ANDY SCHOLES, CNN SPORTS ANCHOR: All right, here we go. I got a lot coming at your way, so definitely take some notes here.

And yes, we all love filling out this bracket and trying to pick an upset in the first and second round. But if you really want to win your bracket pool, it's all about picking that champion at the end.

And there's a stat that will help you do that. It's called KenPom. It measures the team's offensive and defensive efficiency. And every single champion, since 2002, has ended up with the top-40 offense and a top-22 defense.

So who qualifies for that right now? You've got Houston, Yukon, Purdue, Auburn, Arizona, Tennessee, North Carolina, and Marquette. Now there's some good teams not on that graphic right there. Now I'll tell you why.

So Crate (ph), they fell just short on defense. They could play good enough defense in the tournament to get up there. But as of right now, they don't qualify.


I think they won a big 12 tournament. But as you can see, according to KenPom, they're not going to win the national title because of their offense.

Same goes for Kentucky when it comes to their defense. Duke also very close. The Blue Devils played really well defensively. They could potentially win a title but according to the last 22 years of data, KenPom, got to be top-40 offensive, top-22 in defense.

Another trend to look at, the last 19 champions have been in the top 12 and the week six A.P. poll. The teams I mentioned previously, who's not in there? Auburn. So you can cross them off.

Now, Yukon are defending champs. They're the favorites once again. But since 1974, these are the only two teams that are able to repeat, Duke in the 90s, Florida in the 2000s.

It is super hard to win back-to-back titles in men's college basketball. Could Dan Hurley and the Huskies do it? They could. But because of this, you might not want to pick them to repeat.

Now, if you lost your first conference tournament game, you're not going to win the title. No one ever has. Tennessee lost their first game in the SEC conference tournament. So you can cross them off as well.

I like to show this map. It's got this red line down the middle. Every champion since 1997 has been east of that line. So let's pull up that graphic before.

You've got Arizona crossed off. They're on the wrong side of the line. Tennessee lost their first conference tournament game. Auburn was not in that week six poll. And then Yukon just crossing them off solely because it's so hard to win back-to-back titles.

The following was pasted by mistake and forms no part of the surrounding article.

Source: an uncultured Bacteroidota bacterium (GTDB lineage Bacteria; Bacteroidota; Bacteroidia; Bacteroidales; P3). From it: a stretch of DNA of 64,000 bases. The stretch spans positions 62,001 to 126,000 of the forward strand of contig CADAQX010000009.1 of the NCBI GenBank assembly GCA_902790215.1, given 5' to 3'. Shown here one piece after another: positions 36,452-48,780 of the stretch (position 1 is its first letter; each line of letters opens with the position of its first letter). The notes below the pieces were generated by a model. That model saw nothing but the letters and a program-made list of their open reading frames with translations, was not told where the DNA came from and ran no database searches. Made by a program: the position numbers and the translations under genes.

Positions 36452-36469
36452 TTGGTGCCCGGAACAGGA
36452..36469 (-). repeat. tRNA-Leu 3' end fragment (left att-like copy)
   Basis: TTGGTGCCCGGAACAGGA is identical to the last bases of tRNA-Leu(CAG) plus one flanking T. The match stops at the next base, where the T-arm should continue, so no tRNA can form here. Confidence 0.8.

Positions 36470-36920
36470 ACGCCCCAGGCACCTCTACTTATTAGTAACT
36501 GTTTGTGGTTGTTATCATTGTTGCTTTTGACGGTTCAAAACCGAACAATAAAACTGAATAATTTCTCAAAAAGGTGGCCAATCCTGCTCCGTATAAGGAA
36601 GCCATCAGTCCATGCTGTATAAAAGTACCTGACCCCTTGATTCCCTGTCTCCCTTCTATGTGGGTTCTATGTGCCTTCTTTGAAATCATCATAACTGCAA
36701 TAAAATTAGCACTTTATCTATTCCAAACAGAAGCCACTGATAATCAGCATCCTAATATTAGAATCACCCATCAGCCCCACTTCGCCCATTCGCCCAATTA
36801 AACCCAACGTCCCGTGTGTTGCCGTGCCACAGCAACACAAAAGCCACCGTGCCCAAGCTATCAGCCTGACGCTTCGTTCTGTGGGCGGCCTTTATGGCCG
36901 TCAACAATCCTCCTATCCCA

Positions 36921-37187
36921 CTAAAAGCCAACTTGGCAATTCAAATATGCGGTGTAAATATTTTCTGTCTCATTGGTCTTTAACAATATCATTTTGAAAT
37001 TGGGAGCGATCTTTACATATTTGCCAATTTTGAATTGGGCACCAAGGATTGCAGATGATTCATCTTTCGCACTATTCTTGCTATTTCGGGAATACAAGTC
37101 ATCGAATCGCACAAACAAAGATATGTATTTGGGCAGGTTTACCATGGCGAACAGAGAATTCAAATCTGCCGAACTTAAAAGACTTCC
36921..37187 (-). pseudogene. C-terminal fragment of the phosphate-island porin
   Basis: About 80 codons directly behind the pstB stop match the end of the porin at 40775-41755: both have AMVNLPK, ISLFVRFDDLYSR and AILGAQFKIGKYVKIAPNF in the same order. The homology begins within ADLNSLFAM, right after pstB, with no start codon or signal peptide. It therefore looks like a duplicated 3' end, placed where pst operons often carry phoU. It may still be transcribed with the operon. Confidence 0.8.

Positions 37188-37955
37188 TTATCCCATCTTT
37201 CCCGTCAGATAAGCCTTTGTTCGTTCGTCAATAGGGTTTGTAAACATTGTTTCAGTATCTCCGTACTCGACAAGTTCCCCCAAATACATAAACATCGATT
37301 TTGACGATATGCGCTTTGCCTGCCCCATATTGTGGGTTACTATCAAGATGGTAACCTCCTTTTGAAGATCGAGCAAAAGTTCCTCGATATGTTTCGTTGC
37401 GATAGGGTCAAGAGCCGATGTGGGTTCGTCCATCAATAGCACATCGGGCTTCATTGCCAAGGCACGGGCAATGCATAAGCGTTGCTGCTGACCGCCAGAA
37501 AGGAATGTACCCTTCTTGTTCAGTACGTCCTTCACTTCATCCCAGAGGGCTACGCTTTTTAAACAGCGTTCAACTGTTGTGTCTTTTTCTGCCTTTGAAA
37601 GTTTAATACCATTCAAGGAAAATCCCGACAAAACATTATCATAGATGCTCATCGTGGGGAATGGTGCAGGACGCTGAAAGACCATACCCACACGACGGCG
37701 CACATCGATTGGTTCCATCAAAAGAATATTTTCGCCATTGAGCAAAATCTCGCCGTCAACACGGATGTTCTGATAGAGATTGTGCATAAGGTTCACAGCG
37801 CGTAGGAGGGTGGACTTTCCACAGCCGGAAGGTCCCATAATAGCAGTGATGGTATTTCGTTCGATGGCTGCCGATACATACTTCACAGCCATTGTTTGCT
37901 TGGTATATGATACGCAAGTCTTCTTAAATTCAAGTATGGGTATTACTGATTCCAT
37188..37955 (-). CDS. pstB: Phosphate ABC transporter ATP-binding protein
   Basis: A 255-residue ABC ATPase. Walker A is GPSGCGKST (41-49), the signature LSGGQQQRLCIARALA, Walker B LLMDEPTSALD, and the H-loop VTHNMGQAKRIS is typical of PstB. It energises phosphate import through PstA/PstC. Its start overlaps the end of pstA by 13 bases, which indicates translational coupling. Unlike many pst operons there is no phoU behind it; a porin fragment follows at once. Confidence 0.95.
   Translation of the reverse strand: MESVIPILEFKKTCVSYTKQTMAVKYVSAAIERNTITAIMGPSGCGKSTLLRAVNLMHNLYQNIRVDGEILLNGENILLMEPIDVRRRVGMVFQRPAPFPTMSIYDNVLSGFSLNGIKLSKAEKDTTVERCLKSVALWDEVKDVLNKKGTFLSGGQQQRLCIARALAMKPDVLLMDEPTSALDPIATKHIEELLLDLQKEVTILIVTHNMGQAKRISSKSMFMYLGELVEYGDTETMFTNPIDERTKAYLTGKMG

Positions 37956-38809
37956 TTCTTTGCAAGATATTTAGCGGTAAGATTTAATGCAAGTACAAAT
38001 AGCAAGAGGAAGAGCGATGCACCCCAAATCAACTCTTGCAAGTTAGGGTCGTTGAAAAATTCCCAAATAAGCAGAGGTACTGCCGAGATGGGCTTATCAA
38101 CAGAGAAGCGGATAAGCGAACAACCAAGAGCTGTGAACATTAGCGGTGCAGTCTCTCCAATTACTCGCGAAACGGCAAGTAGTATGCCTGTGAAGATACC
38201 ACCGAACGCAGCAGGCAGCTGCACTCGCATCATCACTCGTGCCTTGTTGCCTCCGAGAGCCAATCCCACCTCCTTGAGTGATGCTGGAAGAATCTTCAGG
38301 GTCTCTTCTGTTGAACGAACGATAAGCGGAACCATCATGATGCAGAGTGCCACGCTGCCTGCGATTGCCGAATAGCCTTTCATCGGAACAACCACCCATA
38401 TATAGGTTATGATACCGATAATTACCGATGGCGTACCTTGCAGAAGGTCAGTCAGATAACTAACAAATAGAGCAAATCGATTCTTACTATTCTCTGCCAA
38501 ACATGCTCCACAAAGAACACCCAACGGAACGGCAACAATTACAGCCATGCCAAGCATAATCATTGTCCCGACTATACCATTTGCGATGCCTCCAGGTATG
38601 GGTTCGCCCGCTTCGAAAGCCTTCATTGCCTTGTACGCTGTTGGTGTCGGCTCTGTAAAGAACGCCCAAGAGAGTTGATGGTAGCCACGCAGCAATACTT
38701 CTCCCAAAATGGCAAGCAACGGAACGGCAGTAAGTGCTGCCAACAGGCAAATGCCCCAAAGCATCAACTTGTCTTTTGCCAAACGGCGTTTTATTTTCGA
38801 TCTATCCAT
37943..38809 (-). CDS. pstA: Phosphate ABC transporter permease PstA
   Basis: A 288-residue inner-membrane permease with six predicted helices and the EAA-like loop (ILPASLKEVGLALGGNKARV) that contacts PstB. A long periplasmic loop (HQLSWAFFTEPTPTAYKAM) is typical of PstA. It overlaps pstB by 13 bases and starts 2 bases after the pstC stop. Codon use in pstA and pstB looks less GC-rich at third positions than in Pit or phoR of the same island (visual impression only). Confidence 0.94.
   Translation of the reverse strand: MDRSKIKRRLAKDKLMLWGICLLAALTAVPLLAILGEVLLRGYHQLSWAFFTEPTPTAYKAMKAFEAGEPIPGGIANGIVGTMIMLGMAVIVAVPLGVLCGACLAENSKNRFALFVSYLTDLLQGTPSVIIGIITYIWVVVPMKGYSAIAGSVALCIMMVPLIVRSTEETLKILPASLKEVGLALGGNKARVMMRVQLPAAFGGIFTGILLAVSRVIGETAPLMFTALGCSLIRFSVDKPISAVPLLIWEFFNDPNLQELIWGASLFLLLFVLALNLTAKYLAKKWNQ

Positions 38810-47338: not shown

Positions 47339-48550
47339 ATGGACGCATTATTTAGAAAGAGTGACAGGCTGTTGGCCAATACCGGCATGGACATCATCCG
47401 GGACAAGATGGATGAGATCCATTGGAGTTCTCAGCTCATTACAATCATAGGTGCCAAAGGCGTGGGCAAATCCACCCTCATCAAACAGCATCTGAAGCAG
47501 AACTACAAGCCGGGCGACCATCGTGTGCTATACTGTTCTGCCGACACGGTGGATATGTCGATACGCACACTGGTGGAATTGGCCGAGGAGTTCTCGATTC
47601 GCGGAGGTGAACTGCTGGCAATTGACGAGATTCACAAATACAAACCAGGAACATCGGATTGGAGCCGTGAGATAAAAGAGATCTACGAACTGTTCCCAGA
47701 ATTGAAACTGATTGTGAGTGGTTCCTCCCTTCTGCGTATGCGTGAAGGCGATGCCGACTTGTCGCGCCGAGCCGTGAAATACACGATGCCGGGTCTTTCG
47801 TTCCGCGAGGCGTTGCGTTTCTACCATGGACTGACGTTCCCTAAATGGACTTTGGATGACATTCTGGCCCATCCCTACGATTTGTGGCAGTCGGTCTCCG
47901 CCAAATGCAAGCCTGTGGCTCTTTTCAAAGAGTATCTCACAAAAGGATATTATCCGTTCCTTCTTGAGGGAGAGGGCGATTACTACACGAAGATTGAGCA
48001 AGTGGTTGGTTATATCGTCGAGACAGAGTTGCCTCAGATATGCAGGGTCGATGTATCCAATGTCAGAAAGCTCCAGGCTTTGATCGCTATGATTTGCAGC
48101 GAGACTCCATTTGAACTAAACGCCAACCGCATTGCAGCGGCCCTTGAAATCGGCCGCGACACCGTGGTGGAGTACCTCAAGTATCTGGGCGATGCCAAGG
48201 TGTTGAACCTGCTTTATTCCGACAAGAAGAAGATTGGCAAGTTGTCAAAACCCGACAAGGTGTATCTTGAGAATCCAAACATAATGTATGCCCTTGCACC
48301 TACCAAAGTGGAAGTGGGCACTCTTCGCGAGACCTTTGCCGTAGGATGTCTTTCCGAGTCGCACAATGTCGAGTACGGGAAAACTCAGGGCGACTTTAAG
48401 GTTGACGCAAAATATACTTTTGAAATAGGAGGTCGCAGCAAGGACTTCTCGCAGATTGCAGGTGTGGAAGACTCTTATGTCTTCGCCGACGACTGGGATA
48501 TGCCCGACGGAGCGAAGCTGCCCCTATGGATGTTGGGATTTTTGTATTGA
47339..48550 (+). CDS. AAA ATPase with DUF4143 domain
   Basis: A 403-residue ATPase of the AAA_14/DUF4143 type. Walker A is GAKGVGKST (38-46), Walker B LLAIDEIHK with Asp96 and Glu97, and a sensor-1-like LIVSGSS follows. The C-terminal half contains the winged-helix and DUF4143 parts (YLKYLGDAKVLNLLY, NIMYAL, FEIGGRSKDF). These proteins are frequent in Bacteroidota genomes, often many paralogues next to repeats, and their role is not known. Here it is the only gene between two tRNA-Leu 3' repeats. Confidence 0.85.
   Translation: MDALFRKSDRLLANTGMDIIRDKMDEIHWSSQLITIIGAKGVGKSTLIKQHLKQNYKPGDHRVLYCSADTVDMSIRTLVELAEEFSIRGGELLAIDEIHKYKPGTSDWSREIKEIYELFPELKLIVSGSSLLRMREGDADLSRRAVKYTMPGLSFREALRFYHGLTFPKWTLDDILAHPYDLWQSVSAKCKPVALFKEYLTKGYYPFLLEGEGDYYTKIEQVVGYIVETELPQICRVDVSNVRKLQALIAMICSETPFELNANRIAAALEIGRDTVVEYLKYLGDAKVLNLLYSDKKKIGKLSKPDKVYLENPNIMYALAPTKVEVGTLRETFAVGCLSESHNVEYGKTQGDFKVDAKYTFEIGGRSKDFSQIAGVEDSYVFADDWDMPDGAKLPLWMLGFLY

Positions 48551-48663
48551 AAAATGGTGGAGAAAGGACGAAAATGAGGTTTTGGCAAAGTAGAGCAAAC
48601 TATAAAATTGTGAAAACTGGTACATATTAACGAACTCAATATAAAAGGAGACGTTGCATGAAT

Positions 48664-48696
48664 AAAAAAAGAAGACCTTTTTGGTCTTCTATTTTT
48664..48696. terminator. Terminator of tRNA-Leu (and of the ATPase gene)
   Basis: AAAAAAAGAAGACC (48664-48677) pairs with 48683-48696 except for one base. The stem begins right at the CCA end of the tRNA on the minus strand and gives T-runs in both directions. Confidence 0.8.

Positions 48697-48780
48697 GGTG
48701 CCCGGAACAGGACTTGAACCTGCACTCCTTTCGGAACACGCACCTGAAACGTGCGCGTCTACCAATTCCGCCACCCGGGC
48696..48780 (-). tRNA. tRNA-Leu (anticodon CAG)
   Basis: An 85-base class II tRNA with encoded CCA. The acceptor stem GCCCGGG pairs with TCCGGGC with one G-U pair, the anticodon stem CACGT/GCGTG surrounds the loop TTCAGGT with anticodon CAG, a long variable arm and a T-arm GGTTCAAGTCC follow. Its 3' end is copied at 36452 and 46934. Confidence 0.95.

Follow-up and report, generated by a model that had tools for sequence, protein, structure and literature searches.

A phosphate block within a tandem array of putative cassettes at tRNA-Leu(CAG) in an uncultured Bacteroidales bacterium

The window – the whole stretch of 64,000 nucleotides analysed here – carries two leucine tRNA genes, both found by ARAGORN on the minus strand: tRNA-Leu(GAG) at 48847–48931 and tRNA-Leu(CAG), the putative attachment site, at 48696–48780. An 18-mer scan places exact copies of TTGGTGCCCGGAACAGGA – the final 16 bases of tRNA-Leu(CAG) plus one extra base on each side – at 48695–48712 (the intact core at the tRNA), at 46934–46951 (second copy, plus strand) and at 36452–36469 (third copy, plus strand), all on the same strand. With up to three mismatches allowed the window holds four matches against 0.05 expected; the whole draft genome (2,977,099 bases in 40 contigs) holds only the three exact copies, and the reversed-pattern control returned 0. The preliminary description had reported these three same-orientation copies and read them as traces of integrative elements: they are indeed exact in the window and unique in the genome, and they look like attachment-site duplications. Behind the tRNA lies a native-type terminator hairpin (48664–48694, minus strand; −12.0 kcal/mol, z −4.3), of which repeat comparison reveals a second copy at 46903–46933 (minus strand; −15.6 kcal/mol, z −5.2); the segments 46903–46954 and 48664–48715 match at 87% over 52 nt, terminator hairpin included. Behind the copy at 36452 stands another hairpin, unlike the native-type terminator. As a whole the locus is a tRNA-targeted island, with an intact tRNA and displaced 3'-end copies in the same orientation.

So you've got one seeds Houston, Purdue, North Carolina. Who should you pick? Well, one seeds since 1979 have won 126 times. They win the most. So is that who should go with? Probably.

And, guys, if you're like me and you actually went to school at one of those ones --

SANCHEZ: I knew it.


SANCHEZ: I knew he was going to do that --


SCHOLES: It adds to your picking.


SCHOLES: Go through --


SANCHEZ: -- who's going to call him? It's like, of course, the data --


SANCHEZ: -- sure, the date is going to point everybody getting --


SANCHEZ: -- kicked out but Houston, of course.


KEILAR: I'm just going to go --


KEILAR: -- Yukon.


KEILAR: I'm going to go with Yukon just because --


KEILAR: -- I believe they can just do a repeat. I mean, how hard can it be, Andy?


SCHOLES: Well, I guess we haven't seen it in almost 20 years. It's due maybe, right?


KEILAR: Yes. They are all over it. I feel it.

SANCHEZ: I'm cheering for anyone but Houston, Andy Scholes.

SCHOLES: Well, thanks, Boris.



SANCHEZ: We've had a lot to celebrate recently.

KEILAR: Lets --


KEILAR: You guys can argue and I'll be here to play peacemaker.


SANCHEZ: We have a long month ahead of us.

Andy Scholes, thank you so much.

All right. Still ahead, it's the $464,000,000 question. How is former President Trump going to make bond in his civil fraud case?